It’s in the Details
For negative option billing, it’s all in the details.
Few customers take the time to read the fine print to learn the detail of these transactions.
Many customers don’t understand what they’re agreeing to, and negative billing-related misunderstandings are common.
They can have a direct impact on your chargebacks and can even lead to your account closure.
Negative Option Billing Compliance
As a merchant offering negative option billing, compliance is critical. Make sure all of your company’s contact information is current.
The FTC considers faulty emails or phone numbers a deceptive practice. And there are other compliance issues to keep in mind too.
MasterCard and Visa have implemented negative option billing rules. These include, but are not limited to:
- A trial period that starts as of the date the customer receives the product.
- After the trial period ends but prior to additional payments, the merchant must get the customer’s consent to charge the account.
- Providing instructions on how to cancel the subscription.
- Transactions must include the merchant’s website URL or a contact phone number for telephone orders.
Every business wants to keep chargebacks to a minimum.
These payment disputes occur when customers question transactions and the bank issuing the credit card reverses the charges. The business must wait until an investigation takes place before the bank releases those funds.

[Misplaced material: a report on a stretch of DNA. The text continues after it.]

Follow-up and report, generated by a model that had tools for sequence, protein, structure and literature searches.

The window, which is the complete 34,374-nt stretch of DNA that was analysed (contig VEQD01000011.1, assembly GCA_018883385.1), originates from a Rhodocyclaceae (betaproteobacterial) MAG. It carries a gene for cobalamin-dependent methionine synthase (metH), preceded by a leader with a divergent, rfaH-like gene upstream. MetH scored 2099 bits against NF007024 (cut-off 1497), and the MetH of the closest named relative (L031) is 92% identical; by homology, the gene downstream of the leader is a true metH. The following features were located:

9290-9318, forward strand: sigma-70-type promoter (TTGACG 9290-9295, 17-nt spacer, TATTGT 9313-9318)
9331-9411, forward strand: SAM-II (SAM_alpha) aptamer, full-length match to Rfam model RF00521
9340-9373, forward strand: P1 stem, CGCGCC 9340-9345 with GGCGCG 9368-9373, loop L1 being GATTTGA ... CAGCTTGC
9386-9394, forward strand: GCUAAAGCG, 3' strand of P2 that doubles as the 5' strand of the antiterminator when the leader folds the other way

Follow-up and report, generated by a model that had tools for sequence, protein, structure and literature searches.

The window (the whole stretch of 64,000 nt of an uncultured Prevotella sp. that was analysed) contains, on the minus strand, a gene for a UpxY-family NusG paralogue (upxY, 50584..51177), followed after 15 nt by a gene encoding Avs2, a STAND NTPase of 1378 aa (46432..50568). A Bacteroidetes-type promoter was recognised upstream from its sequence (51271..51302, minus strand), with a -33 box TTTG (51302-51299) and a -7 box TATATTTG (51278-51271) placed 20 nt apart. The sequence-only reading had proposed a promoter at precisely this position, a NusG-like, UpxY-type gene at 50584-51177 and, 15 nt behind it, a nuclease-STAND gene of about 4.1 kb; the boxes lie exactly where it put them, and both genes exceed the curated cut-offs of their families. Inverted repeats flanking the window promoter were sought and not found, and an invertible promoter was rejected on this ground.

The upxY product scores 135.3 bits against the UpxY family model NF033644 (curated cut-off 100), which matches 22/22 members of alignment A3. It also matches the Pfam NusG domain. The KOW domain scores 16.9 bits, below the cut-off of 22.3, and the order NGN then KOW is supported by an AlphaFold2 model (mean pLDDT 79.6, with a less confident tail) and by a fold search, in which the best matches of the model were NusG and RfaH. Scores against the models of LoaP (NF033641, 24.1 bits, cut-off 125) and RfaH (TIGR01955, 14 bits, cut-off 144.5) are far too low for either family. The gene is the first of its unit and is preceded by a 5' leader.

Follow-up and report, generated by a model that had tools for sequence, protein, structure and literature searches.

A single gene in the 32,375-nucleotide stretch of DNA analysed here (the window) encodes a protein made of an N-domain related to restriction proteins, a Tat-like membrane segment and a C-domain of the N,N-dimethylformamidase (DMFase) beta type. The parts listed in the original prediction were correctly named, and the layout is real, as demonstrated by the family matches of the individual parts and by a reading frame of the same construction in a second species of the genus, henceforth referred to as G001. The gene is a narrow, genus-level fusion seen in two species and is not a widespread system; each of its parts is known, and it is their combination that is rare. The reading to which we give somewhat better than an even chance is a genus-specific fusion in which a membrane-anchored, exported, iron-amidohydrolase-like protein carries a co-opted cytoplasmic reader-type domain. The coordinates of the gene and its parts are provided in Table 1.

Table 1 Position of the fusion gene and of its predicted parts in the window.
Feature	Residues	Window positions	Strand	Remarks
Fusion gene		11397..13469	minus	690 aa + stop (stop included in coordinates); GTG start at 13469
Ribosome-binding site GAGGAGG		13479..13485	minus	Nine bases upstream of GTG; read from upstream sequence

Even when the business “wins,” it takes a lot of time and energy to document everything and file the paperwork.
There’s another potential risk factor too.
A company with a higher than average number of chargebacks is vulnerable to having its ability to process transactions penalized.
Businesses with an above-average amount of chargebacks are at higher risk of having their accounts closed.
Visa, MasterCard, and Discover monitor chargeback ratios closely. More chargebacks mean more than higher fees – they increase closure likelihood immensely.
Understandably, negative option plans create more than their share of chargebacks. Here are some ways a merchant can minimize chargeback issues:
- Remind customers that the first charge is imminent. Five days prior to the first charge, send a reminder email so that the customer may opt to cancel before the trial period ends.
- Offer trials without collecting credit cards. If that’s not possible, get aggressive about letting them know that a charge is coming. When the trial period ends, notify the customer via email that their free trial is over and allow them to continue receiving the service by providing their credit card information.
- Effective customer service is essential. With negative option billing, a certain number of subscribers will demand to have accounts refunded because they did not understand the subscription agreement. Even if they are ineligible for a refund, it is often best to issue it because a chargeback will probably follow. Your company may prevail in the chargeback, but you must determine whether it is worth the time and effort.
How Easy Pay Direct Can Help
Easy Pay Direct serves as both a merchant account provider and payment gateway.
We specialize in high-risk merchant accounts, such as those offering negative billing options. That’s why working with a company familiar with your industry is a necessity.
At Easy Pay Direct, we’re here to make things easier! Let us set up your merchant account the right way from the start!